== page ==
What You Will Learn in This Article
- How alcohol impacts your hormones and overall health
- Contributes to Estrogen Dominance
- Impacts the liver
- Disrupts the gut microbiome and likely the estrobolome
- Increases blood sugar
- Heightens cortisol
- Acidifies the body
- Destroys sleep – especially deep sleep
- The role of the beta-glucuronidase enzyme
- Solutions for alcohol woes
- The bottom line
The holiday season and its gatherings tend to provide an abundance of mulled wine, spiked eggnog, Rumchata, peppermint schnapps, and a whole host of other forms of wines, beers, hard liquors, and cocktails.
It’s not surprising. Alcohol is a social lubricant and therefore shows up frequently at holiday parties and events. It starts at Thanksgiving and keeps going strong through the New Year.
We use alcohol when we’re sad, feeling lonely, battling depression. The holidays can bring out these feelings, leading us to reach for a drink as we seek to ease the painful feelings and memories.
Limiting or eliminating alcohol is one of the harder changes to make because of its impact on mood. We drink to celebrate and we drink to self-medicate… so we’re basically conditioned to drink all day and all year long!
Unfortunately, alcohol is a toxin that negatively impacts our health and overall sense of balance. In the long run, self-medicating with alcohol does more harm than good. Now that the holidays are coming to a close, it’s time to take a look at our alcohol consumption as we make resolutions and goals for the new year.
How Alcohol Impacts Your Hormones And Overall Health
Here are just a few of the problems associated with alcohol consumption:
Contributes to Estrogen Dominance
If you’re trying to overcome estrogen dominance, consuming alcohol could be counterproductive. Unfortunately, alcohol tends to make estrogen dominance worse.
There are several potential reasons for this. One is that alcohol tends to be high in phytoestrogen-rich herbs or grains like hops and corn, which can sometimes aggravate estrogen dominance. (1)
Another way alcohol may increase estrogen levels is by its negative effects on the liver, as explained below. When the body is overwhelmed with the presence of alcohol, it gives priority to eliminating the alcohol over eliminating the estrogens. It does this because alcohol is more dangerous to the body in the short term than excess estrogen is.
Alcohol may also make it difficult for the body to metabolize estrogen by damaging the estrobolome (estrogen-metabolizing bacteria) in the gut. Read more about that in the sections below.
While the exact reasons alcohol raises estrogen levels are unknown, there’s definitely evidence that it does.
A study published in the journal Hormones and Cancer found that consuming just two drinks a day for four weeks increased estrogen levels by 22 percent! The study authors concluded that because of its effects on estrogen, drinking alcohol could increase one’s risk of developing breast cancer. (2)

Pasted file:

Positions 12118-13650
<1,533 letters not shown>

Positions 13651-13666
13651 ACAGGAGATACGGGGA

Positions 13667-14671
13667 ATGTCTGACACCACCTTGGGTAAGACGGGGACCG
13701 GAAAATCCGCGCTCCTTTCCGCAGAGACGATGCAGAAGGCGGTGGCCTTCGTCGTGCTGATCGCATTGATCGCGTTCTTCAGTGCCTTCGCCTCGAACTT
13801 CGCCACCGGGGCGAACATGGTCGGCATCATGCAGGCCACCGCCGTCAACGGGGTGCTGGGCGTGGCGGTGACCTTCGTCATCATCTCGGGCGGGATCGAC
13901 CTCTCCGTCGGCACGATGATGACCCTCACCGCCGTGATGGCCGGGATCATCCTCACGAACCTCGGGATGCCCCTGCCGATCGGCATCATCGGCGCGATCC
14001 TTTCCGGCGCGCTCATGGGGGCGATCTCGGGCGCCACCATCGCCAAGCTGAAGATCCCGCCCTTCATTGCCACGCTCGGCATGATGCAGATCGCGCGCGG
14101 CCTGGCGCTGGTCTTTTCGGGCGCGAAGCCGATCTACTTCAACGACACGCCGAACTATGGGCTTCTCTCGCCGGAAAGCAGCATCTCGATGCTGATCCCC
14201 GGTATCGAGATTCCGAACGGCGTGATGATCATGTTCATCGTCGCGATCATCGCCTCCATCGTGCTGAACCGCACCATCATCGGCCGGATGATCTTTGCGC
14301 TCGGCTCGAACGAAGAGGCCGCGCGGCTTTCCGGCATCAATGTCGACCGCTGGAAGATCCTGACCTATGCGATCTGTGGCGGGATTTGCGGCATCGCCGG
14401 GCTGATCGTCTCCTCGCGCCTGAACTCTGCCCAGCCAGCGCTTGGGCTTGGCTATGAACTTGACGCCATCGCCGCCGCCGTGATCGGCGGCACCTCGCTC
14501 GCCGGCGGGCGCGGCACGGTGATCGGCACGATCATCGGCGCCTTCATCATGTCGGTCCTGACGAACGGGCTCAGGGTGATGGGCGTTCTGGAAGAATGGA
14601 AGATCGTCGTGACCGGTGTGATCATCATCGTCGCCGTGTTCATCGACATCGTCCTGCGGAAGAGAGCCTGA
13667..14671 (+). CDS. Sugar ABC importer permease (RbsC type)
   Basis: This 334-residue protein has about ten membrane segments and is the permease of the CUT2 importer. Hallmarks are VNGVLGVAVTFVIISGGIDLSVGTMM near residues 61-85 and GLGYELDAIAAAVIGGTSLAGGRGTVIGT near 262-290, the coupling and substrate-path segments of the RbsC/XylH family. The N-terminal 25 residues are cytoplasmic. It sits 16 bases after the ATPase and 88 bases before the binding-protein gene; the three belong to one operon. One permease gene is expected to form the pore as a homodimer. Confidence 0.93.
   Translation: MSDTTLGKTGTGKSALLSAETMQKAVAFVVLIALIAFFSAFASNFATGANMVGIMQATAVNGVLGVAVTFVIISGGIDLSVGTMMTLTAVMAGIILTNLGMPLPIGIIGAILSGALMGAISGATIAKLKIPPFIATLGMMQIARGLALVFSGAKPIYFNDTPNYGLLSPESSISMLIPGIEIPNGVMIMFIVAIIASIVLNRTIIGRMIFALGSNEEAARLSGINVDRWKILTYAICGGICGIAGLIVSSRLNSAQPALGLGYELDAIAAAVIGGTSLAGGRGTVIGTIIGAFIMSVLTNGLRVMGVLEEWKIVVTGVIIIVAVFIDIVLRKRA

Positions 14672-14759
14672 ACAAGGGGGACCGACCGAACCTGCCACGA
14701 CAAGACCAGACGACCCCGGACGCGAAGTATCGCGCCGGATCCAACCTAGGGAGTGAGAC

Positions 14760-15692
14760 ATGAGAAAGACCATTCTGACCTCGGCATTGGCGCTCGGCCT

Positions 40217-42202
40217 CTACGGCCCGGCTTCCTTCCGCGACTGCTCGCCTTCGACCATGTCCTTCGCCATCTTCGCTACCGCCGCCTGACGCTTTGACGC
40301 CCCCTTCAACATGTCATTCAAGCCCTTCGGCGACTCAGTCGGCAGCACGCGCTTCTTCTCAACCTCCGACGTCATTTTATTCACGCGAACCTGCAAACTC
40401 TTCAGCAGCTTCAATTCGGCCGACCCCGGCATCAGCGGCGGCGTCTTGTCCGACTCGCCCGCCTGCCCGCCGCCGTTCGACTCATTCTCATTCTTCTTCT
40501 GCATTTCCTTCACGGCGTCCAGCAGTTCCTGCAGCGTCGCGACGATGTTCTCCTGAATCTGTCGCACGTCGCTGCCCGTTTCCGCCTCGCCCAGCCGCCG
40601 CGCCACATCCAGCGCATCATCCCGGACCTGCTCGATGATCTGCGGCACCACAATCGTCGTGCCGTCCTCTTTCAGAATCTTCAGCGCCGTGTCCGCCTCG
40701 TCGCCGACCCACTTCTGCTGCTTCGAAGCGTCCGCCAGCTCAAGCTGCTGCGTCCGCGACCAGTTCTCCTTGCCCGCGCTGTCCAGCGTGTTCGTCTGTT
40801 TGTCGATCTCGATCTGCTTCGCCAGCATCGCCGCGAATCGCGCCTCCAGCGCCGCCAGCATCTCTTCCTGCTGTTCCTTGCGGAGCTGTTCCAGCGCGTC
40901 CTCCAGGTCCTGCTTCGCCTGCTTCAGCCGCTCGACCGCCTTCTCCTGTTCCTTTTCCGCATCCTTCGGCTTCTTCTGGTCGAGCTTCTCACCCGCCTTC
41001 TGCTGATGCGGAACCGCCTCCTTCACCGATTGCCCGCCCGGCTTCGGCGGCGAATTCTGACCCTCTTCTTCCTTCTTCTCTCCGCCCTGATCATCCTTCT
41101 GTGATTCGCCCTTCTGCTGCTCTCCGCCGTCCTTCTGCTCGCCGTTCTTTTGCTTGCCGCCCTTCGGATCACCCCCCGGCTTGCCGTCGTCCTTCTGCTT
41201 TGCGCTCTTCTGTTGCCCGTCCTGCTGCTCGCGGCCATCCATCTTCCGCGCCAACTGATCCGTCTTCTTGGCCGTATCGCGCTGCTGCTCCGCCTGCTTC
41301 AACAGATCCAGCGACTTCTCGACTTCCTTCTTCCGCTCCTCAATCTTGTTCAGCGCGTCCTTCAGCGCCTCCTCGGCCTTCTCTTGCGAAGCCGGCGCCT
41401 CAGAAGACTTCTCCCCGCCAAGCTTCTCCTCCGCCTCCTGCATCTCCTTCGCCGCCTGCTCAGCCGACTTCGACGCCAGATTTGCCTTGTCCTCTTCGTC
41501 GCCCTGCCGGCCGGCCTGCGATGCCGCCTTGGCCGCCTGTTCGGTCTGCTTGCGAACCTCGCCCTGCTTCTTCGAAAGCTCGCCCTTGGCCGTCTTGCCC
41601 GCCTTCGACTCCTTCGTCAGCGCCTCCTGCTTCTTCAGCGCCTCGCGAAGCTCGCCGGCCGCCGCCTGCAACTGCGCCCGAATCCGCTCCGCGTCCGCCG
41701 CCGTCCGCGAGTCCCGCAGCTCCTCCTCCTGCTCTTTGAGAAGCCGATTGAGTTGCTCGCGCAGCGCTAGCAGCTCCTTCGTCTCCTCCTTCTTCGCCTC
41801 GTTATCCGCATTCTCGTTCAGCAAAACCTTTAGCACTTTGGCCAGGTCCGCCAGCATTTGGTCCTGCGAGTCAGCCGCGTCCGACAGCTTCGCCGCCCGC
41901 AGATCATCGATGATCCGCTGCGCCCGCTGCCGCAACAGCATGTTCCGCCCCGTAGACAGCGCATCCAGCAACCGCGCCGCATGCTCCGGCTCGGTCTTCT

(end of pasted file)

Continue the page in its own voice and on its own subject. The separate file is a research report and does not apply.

A previous study of over 300,000 women found that the risk of breast cancer quadruples with the intake of each daily glass of wine or beer. (3)
That makes sense when you know the connection between toxicity and cancers of all kinds. The liver is our primary detox organ and it doesn’t do well on alcohol.
Impacts The Liver
One of the reasons alcohol contributes to estrogen dominance is its negative impact on the liver…. The liver is a key organ in both estrogen and alcohol detoxification.
The liver cells contain something called alcohol dehydrogenase (ADH), an enzyme that converts alcohol to acetaldehyde. Acetaldehyde is fairly toxic and is the cause of the symptoms of intoxication. It’s also behind common alcohol-related symptoms like flushing and headaches. (4)
Once the alcohol has been converted into acetaldehyde, a second enzyme in the liver cells (acetaldehyde dehydrogenase or ALDH) then converts the dangerous acetaldehyde to acetic acid, which is not toxic to the body. Vinegar is made up of acetic acid.
If there aren’t enough enzymes to break down the alcohol, it recirculates in the bloodstream —just as unmetabolized estrogen does.
We know alcohol taxes the liver and can cause fatty liver disease over time. (5)
Read this article to learn more about how liver function impacts your hormones.
Disrupts The Gut Microbiome and Likely the Estrobolome
Alcohol is not good for your gut health. Over time, it leads to dysbiosis, increasing certain harmful types of bacteria (like Proteobacteria) out of balance with protective bacteria (like Firmicutes and Bacteriodetes).
According to a 2015 review published in Alcohol Research, alcohol’s effects on the microbiome are likely behind the development of leaky gut, chronic inflammation, fatty liver, and a number of other chronic diseases. (6)
The “estrobolome” is the name of a collection of bacteria of the gut that are responsible for metabolizing estrogens.
We know alcohol is damaging to our gut bacteria, and it’s most likely that these estrogen-metabolizing bacteria are also negatively impacted by alcohol. (7)
If you’re not able to eliminate or break down “used up” estrogens, they can get recirculated in the body, contributing to an overabundance of estrogens and leading to estrogen dominance.
Increases Blood Sugar Levels
While it sometimes comes in a clear form and looks like water, alcohol is not neutral. It comes with calories and it impacts blood sugar.
According to research, chronic drinking in the fed state (with or after food) leads to an increase in blood sugar levels (hyperglycemia). This doesn’t seem to be the case for a single episode of alcohol consumption. It’s the habit that really leads to problems, but that can easily be the case over the holidays. (8)